I feel very sad sometimes that this aspect is missing in the West. The creation of merit is an essential point. My spiritual tradition attaches profound meaning to the principle of merit. I think we should all move forward to the level where accumulating merit is combined with meditation practice. The Westerner’s intelligence is very sharp, better than the Tibetan intellect. But honestly, your merit is inadequate. Don’t you notice how you are always handicapped, feeling a little frozen? Even though you try your best, circumstances pull you down. It is taught that emptiness expresses itself as cause and effect. If one does not have much understanding of emptiness, then one does not really believe or have much confidence in cause and effect.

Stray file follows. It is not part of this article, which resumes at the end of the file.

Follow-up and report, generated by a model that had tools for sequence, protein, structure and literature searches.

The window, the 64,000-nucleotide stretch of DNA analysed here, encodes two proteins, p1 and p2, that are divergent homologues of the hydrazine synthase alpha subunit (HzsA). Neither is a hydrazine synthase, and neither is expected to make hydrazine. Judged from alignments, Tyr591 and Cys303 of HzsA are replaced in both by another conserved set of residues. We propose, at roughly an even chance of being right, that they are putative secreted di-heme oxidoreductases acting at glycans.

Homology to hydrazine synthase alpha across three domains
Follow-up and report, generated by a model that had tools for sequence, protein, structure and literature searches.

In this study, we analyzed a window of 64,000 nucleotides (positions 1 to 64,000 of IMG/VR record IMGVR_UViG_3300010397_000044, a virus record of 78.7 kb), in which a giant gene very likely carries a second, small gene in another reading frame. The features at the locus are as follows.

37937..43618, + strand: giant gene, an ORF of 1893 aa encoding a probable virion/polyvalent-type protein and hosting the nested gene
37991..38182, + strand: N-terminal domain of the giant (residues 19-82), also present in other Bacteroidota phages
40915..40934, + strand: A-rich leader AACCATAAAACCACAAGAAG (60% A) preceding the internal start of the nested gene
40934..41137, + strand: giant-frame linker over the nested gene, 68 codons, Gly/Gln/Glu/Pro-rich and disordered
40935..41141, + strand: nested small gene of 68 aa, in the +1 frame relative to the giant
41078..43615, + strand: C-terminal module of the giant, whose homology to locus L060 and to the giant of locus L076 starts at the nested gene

Conversely, the more one realizes emptiness, the more conviction arises about cause and effect. There is a need to work equally with merit and wisdom. If you expand the merit aspect of your practice and join it with wisdom meditation, I trust that soon there will be many realized masters in this country!

Tsoknyi Rinpoche, son of the late Dzogchen master Tulku Urgyen Rinpoche, is the spiritual head of Ngedon Osel Ling Monastery, just outside of Kathmandu, Nepal. From Fearless Simplicity: The Dzogchen Way of Living Freely in a Complex World, © 2003 by Tsoknyi Rinpoche and Rangjung Yeshe Publications. Reprinted with permission of Rangjung Yeshe Publications.

Image 1: © Don Farber
Image 2: © Marcia Lippman